Monday, September 27, 2010

Getting It Right

"A writer and nothing else: a man alone in a room with the English language, trying to get human feelings right."
~John K. Hutchens, New York Herald Tribune, 10 September 1961

The toughest part of writing has to be making human feelings come across on bare paper (or a bare screen) without sounding trite or forced. And yet, if we know our characters well enough, they speak for themselves.

 The trick, my friends, is knowing them well enough.


When her tears had subsided, he murmured, “A’er marenken, Marenya. M’ashkenai el folmendur.” I hold you in my heart, Marenya. My heart burns forever.

“M’ashkenai el folmendur,” she replied.

A line from an ancient poem, quoted by lovers through the ages. He kissed her again, not carelessly as he had done before, but fearfully, longingly, asking for her reply and receiving it back, drawing strength from her and giving her strength in return. He had been living under the sun for forty years, and had only just been born.

As I struggle to find my voice again, these are the passages that make the characters come alive.  These are where the characters speak. 

This is where I begin.


  1. Good luck finding your characters. I think my characters and yours must be at a beach drinking mojitos (or non-alcoholic drinks) because mine decided to take a break from me as well.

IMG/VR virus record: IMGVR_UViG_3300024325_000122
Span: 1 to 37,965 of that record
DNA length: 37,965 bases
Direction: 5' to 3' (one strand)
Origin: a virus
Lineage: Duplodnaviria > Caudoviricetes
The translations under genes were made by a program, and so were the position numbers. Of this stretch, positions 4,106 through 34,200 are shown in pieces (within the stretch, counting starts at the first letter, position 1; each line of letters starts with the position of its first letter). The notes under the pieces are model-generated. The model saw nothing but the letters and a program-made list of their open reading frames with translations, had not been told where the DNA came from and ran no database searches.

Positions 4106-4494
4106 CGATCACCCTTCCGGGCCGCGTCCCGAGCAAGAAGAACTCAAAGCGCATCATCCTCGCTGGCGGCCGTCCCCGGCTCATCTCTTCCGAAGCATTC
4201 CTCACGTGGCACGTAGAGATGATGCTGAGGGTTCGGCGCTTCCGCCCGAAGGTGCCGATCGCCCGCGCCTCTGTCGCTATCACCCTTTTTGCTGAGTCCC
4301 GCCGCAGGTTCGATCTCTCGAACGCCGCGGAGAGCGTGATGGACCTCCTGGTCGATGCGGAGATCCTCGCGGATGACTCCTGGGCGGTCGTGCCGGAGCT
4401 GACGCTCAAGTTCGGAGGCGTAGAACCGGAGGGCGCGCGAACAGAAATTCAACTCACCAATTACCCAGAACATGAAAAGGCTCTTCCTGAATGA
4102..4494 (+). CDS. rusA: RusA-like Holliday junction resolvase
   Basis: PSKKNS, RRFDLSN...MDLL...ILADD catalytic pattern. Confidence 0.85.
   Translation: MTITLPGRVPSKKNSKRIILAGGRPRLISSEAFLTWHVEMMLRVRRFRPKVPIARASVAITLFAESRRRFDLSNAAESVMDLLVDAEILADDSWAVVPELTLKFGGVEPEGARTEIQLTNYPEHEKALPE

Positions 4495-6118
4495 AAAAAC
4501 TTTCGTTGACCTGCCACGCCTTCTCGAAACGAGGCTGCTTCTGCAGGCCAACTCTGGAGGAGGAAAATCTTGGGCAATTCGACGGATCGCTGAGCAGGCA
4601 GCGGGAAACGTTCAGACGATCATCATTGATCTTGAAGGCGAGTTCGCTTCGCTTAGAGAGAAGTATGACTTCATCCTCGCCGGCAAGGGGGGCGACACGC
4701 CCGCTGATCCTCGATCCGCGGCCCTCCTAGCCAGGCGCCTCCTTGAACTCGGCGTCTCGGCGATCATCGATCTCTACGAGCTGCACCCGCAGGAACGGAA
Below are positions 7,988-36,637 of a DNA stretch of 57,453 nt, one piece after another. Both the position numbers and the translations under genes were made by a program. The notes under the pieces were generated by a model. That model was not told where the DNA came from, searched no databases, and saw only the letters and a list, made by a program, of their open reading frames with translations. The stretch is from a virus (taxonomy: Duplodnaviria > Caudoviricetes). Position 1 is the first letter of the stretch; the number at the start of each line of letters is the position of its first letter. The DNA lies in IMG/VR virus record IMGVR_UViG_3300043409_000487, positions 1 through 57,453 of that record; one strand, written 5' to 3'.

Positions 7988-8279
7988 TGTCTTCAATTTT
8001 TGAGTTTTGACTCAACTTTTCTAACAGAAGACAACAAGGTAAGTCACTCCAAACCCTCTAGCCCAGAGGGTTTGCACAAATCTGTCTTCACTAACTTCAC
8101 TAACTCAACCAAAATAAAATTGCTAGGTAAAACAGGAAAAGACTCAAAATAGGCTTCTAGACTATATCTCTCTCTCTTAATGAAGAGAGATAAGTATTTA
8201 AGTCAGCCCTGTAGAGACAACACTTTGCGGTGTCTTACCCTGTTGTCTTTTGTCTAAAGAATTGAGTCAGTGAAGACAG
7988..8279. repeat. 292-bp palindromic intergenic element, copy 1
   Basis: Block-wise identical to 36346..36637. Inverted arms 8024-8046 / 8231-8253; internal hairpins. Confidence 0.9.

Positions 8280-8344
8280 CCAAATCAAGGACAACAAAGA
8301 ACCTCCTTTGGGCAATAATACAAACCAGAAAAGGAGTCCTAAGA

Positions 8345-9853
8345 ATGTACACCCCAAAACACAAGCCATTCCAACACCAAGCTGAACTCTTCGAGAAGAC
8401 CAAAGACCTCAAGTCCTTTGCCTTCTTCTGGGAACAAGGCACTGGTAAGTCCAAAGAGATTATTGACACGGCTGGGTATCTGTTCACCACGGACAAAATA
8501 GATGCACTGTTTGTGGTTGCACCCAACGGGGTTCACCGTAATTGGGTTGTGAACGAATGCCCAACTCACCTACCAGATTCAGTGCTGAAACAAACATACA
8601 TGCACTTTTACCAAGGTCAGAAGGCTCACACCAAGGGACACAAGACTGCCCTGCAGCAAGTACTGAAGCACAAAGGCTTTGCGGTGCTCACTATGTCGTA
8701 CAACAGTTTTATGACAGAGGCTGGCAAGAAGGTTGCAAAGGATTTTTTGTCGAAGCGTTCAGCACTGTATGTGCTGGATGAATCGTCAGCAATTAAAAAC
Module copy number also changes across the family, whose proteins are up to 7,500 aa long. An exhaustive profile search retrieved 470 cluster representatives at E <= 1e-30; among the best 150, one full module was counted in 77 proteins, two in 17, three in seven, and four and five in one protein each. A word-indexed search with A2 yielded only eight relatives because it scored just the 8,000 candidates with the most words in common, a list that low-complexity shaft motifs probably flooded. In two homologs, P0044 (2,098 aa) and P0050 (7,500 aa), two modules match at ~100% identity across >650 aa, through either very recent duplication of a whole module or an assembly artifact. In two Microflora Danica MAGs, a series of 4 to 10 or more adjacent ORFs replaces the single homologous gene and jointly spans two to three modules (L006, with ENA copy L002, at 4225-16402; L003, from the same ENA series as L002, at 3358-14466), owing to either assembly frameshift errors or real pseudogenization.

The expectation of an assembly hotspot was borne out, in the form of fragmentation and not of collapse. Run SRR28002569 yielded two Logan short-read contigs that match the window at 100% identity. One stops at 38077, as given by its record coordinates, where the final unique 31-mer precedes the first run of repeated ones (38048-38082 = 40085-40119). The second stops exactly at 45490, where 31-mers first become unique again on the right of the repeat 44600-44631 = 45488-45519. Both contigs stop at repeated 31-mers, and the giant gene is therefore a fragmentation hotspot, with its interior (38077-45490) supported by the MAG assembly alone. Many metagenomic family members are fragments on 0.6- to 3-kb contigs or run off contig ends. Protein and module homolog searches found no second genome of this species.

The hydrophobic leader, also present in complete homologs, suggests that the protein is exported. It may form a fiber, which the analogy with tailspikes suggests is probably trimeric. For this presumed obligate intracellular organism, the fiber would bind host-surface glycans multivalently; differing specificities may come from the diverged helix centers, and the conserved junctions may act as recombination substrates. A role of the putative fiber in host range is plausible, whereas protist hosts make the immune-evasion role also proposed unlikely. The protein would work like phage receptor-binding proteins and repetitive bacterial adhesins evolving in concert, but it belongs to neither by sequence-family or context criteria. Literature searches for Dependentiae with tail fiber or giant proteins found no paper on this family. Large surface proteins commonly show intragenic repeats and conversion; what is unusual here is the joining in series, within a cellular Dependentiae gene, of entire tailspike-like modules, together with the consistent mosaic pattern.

You're right, the characters speak for themselves, but sometimes we need to be patient for them, after all they are patient with us at times.

  2. Mine are probably guzzling brandy, Jen! They need it to stay warm in the snow. heh heh

  3. Nice. I too read something that inspires me to write better. It is hard to capture emotion on paper. Everyone is different.

    Thanks for the post.

  4. That was beautiful Christine.

    Sensual, emotive, insightful.

    The trick, for me anyways, is taking one perfect sentiment, and carrying it throughout the entire novel. Or at least "showing" why it is no longer the reigning concept.


  5. That is an extremely insightful comment, Donna. I'm going to spend some time seeing how I can work on that with this book.

    Thank you!


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